Hundreds attend trauma seminar to heal from summer rallies

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CHARLOTTESVILLE, Va. (CBS19 NEWS) -- In light of the rallies on Aug. 11 and 12, two trauma consultants were invited to speak in downtown Charlottesville for a seminar called, "Trauma: how it affects you and every member of our community."

The Centers for Disease Control and Prevention lists emotional trauma as a top public health issue in America.

Tuesday morning, more than 700 people packed into the Paramount Theatre to hear Dr. Allison Sampson-Jackson and Theresa Caldwell speak and get the conversation started about Charlotteville's emotional trauma.

The seminar defined traumatic stress, examined the impact of trauma on the brain, and looked at various behavioral changes.

Attendees were drawn to this topic of conversation as a result of the violent Unite the Right rally and the tiki torch march on the University of Virginia Grounds. Many think the community is still feeling the impacts of both events.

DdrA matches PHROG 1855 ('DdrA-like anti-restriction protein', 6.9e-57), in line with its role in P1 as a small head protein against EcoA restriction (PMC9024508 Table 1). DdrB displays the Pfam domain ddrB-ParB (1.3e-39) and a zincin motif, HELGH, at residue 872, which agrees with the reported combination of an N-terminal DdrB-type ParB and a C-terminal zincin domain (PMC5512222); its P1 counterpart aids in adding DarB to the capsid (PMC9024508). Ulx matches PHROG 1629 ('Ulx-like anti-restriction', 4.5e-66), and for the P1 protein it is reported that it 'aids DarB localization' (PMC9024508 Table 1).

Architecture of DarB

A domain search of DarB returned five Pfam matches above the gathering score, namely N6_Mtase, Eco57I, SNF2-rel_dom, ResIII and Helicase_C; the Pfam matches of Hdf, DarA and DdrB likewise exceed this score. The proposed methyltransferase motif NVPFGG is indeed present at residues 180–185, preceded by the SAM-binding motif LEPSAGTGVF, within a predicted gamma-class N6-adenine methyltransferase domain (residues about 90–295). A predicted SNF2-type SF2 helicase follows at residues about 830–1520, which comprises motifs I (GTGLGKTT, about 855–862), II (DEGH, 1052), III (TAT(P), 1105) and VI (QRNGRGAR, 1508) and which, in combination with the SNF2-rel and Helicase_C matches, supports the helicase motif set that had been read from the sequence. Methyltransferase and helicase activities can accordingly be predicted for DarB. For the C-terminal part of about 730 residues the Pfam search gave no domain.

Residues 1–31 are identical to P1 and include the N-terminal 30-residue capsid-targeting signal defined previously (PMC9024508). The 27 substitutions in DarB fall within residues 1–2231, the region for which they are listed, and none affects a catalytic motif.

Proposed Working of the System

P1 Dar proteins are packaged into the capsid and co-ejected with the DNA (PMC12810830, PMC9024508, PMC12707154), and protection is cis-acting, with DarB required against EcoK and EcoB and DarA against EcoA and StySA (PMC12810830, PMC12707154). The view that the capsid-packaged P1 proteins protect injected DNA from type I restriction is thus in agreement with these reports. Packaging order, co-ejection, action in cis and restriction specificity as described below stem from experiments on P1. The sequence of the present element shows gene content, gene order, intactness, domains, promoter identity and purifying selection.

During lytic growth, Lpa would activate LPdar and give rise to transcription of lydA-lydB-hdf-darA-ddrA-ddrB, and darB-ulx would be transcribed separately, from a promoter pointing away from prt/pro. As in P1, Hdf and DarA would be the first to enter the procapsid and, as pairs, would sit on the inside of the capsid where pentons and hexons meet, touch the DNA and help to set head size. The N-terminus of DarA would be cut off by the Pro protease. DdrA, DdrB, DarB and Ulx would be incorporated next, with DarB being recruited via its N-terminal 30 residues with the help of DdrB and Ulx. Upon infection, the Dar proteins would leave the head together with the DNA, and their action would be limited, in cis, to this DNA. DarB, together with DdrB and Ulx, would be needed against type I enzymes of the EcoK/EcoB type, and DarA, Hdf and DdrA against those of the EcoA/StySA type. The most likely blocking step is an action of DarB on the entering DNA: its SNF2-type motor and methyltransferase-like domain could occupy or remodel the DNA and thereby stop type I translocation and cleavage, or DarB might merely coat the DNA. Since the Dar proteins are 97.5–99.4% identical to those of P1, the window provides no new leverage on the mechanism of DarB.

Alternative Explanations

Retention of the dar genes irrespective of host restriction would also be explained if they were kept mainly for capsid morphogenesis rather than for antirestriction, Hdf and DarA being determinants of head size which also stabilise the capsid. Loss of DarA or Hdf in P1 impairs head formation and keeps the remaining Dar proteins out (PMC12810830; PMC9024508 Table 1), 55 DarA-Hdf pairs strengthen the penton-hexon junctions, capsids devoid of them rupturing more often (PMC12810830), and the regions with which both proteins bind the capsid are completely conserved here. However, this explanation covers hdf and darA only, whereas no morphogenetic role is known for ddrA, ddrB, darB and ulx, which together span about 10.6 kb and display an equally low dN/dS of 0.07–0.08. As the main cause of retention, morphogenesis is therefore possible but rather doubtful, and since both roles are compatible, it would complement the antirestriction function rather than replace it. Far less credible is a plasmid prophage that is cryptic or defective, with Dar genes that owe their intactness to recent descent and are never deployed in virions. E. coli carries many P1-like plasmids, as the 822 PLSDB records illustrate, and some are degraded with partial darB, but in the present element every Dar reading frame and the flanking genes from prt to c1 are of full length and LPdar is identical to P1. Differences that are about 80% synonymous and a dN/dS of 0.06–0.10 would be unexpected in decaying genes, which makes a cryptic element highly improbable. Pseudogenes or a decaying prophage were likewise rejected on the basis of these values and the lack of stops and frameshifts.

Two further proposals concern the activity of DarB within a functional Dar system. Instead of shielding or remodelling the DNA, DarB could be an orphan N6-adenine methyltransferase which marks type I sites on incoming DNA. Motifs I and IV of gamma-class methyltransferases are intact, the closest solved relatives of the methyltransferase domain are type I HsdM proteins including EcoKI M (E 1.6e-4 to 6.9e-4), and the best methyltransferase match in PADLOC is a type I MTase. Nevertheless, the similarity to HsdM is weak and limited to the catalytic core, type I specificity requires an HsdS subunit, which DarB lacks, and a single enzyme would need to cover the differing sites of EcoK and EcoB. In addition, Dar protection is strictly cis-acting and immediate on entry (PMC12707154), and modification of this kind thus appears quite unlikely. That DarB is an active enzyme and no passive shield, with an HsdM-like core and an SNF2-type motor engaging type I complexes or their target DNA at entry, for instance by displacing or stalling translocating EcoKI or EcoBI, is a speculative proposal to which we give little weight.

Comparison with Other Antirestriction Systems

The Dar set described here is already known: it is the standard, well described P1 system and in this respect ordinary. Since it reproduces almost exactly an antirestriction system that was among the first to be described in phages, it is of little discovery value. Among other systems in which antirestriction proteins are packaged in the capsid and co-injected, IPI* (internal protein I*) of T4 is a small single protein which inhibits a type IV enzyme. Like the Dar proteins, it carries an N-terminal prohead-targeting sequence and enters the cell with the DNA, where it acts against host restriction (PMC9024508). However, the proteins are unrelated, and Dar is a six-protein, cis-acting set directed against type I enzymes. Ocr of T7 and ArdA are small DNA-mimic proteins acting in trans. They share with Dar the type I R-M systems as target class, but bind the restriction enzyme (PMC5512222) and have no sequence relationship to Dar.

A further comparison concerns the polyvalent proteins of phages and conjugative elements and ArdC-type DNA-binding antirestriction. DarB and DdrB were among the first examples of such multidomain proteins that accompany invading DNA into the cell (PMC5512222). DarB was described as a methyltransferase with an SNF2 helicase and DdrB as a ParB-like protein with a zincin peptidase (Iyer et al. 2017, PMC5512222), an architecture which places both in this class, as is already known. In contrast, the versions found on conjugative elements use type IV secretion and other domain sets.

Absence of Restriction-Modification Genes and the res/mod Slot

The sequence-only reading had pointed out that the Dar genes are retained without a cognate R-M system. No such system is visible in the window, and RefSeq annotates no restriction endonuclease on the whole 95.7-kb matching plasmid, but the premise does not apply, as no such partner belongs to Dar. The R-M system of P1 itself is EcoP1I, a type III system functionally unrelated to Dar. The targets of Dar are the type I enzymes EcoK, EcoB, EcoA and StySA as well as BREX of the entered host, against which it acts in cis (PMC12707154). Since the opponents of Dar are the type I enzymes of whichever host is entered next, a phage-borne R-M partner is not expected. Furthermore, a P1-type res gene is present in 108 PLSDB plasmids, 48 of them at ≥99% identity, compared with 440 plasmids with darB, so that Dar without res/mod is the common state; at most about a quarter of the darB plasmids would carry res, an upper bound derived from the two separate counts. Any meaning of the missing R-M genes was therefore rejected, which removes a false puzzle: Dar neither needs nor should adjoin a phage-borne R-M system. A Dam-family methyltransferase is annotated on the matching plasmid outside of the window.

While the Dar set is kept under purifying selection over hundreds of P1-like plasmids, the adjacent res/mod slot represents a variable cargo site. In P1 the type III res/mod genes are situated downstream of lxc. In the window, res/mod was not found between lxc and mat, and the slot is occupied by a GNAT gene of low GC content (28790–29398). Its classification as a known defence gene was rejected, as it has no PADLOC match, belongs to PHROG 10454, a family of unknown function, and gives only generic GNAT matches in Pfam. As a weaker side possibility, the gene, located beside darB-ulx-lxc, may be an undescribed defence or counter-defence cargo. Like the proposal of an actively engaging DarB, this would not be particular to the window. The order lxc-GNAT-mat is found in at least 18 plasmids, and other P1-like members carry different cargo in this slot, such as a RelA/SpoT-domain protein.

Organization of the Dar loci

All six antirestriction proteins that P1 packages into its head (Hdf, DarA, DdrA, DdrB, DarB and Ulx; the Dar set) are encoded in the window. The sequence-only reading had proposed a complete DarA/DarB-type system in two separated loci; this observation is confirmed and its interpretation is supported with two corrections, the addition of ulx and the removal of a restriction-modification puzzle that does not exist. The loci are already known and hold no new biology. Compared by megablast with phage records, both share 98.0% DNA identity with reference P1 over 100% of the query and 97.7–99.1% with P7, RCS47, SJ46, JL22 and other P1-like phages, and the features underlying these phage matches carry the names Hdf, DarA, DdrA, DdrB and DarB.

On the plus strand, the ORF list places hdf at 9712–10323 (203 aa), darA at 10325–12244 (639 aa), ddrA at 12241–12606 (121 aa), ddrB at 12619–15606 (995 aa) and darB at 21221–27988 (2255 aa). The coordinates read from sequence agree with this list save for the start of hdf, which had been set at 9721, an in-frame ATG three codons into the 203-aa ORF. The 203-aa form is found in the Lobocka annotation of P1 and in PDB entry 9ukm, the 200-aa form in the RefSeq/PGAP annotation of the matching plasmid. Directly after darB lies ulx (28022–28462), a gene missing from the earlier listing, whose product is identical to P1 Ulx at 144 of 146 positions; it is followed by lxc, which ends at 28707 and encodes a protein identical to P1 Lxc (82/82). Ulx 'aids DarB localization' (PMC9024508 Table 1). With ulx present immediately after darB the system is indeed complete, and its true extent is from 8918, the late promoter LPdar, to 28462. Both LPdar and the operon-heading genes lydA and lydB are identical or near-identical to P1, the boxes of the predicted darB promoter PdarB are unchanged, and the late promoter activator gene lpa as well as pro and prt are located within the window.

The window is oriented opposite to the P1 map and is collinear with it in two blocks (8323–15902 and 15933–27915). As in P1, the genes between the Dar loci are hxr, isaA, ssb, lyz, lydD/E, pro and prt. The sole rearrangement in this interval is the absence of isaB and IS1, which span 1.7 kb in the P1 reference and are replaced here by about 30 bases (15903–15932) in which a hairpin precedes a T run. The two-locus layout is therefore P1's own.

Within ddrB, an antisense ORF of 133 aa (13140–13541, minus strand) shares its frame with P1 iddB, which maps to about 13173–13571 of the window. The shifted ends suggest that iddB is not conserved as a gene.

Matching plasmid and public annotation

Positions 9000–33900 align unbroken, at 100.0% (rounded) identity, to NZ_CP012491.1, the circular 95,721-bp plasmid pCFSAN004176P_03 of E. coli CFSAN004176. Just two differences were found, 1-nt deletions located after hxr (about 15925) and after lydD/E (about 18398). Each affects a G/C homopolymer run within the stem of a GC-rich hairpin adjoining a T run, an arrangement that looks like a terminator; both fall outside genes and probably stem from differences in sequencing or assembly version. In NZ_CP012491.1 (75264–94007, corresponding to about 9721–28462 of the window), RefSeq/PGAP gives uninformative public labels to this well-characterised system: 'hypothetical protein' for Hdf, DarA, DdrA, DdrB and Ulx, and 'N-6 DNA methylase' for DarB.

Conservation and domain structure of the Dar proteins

"Since the events of this summer, all of us are suffering from some form of PTSD," said event attendee Leah Puryear. "I felt this would help me and help me work better with my students."

Puryear works with students and says that since the events over the summer, she noticed changes in her students, specifically behavioral changes. She attended the event to better understand what emotions trigger and cause different reactions to trauma.

"We need to figure out the whole story and what really happened on Aug. 12," said Sampson-Jackson. "Part of that story is people came from the outside and part of that story is why did they come here, and what made that conversation okay."

She also says that the first step to healing is having the tough conversations and creating an open space to do so.

Many attendees spoke agreed that just because the headlines have changed and the month of August has passed, Charlottesville is still suffering emotionally and must mentally heal.

The seminar was hosted by hosted by the United Way Early Education Task Force, the Community Mental Health and Wellness Coalition, the Greater Charlottesville Trauma-Informed Community Network, Adiuvans, Piedmont CASA, ReadyKids, and The Women's Initiative.



 
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